Based on the bring-your-own-license model — Microsoft has long called the practice "outsourcing rights" instead, perhaps shy of the word "your" — providers like Amazon and Google created offers that ran Microsoft workloads on dedicated hosts, said Tony Mackelworth, head of Microsoft Advisory at SoftwareOne, a Swiss firm that, among other things, helps clients navigate software licensing.

"Customers are able to leverage a 'Bring Your Own Licensing' model and save money when bringing their Microsoft workloads to competitive cloud offerings in AWS [Amazon Web Services] and GCP [Google Cloud Platform]," said Mackelworth, because they had already paid for the Microsoft licenses.

Take that away and affected cloud providers would have only "license included" deals, ones in which they pay Microsoft through a Service Provider Licensing Agreement (SPLA) for the rights to run the software in order to, in turn, sell a service, such as hosted servers. That's an additional expense for the provider, typically passed on to the customer.

"Customers can often pay more in licensing costs than when [they] use their own discounted Volume Licensing via their Enterprise Agreement (EA) [for a bring-your-own offer]," Mackelworth said.

The end result? By barring Amazon's and Google's customers from utilizing a bring-you-own concept, Microsoft made the competition, well, less competitive.

Hey, wait a minute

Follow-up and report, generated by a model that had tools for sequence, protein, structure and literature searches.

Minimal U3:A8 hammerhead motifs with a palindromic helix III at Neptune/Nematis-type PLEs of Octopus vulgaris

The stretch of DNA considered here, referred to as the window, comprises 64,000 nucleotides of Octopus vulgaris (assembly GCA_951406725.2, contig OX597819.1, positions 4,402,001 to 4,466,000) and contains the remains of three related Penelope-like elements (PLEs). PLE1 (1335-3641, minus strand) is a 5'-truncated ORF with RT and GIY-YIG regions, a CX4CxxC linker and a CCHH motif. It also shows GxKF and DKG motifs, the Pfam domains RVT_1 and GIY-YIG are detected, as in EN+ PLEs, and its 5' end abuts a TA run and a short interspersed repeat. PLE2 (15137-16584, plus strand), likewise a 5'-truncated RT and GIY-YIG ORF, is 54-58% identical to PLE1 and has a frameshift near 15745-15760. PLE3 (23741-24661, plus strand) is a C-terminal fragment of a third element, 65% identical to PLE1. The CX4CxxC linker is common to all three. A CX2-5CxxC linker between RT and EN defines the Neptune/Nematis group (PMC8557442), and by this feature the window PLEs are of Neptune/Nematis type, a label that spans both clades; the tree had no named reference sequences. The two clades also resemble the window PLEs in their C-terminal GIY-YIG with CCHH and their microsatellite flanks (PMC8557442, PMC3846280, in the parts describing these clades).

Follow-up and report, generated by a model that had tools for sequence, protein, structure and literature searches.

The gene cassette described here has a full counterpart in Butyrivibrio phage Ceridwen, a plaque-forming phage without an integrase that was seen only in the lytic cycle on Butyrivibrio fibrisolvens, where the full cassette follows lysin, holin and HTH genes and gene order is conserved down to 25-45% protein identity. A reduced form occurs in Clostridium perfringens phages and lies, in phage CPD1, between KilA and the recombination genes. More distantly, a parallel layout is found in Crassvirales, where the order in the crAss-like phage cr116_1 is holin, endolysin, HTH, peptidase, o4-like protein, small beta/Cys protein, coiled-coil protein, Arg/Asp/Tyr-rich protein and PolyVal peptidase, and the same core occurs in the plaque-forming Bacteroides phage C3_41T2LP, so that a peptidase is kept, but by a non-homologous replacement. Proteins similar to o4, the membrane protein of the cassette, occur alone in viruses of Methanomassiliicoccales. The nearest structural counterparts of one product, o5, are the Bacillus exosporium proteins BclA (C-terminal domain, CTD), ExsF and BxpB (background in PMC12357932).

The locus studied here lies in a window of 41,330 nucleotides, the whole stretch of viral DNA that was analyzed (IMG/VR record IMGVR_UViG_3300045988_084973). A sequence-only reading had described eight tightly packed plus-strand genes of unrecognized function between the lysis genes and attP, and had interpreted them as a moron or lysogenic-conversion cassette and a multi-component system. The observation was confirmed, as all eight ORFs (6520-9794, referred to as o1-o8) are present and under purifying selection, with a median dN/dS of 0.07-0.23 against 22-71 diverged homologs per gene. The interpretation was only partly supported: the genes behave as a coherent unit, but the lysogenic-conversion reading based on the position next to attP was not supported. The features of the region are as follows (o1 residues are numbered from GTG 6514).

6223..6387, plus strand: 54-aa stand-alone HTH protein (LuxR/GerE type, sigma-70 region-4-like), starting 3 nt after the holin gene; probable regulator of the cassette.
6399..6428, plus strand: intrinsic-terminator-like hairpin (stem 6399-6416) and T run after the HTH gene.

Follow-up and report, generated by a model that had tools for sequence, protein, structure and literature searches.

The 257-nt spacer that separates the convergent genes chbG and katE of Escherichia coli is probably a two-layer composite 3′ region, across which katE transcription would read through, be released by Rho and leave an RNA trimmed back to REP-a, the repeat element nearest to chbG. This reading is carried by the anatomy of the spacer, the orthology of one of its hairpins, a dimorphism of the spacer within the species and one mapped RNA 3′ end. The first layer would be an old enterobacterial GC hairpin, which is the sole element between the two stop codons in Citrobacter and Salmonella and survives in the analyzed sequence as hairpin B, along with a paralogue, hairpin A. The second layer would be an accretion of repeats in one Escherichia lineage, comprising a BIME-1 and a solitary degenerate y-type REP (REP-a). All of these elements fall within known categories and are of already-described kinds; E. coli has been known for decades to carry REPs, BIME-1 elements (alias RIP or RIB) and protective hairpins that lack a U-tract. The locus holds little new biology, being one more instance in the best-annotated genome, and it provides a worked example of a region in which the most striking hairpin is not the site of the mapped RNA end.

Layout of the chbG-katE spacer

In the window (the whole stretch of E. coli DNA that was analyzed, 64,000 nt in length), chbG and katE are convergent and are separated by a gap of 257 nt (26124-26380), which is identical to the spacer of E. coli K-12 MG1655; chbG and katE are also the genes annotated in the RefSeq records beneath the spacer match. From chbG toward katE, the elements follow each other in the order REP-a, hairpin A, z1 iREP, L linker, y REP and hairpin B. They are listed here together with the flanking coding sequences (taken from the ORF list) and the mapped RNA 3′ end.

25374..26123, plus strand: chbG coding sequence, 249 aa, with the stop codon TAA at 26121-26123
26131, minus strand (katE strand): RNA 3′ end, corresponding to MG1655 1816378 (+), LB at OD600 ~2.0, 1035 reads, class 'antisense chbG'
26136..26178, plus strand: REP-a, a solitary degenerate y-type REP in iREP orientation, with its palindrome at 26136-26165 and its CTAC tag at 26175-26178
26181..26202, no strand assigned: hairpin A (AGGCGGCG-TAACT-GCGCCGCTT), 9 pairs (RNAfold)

Those on the no-more-bring-your-licenses list certainly thought that's what was happening.

"Shelf-ware. Complex pricing. And now vendor lock-in. Microsoft is taking its greatest hits from the '90s to the cloud," Robert Enslin, Google's head of cloud sales, asserted in an Aug. 7 tweet.

Amazon minced even fewer words. "Yet another bait+switch by $MSFT, eliminating license benefits to force MS use," Werner Vogels, Amazon's CTO, said in an incendiary tweet. "1st, MS took away BYOL SQL Server on RDS, now no Windows upgrades w/BYOL on #AWS. Hard to trust a co. who raises prices, eliminates benefits, + restricts freedom of choice."

Sandy Carter, vice president at AWS, went beyond the boundaries of Twitter, adding a post to her LinkedIn account. "Microsoft wants you to believe that this is just 'removal of outsourcing rights,' but Microsoft is looking to restrict what computer you can use. And what cloud," Carter said.

Is that really what Microsoft's after?

"This will provide a competitive advantage to Azure Dedicated Host over competitor offerings from AWS, GCP and Alibaba," Mackelworth said, talking about Microsoft's new service. For example, on-premises Windows Server and SQL Server licenses that are covered by Software Assurance get a price discount when used to bring the workloads from, say, the banned AWS to Microsoft's own Azure Dedicated Host.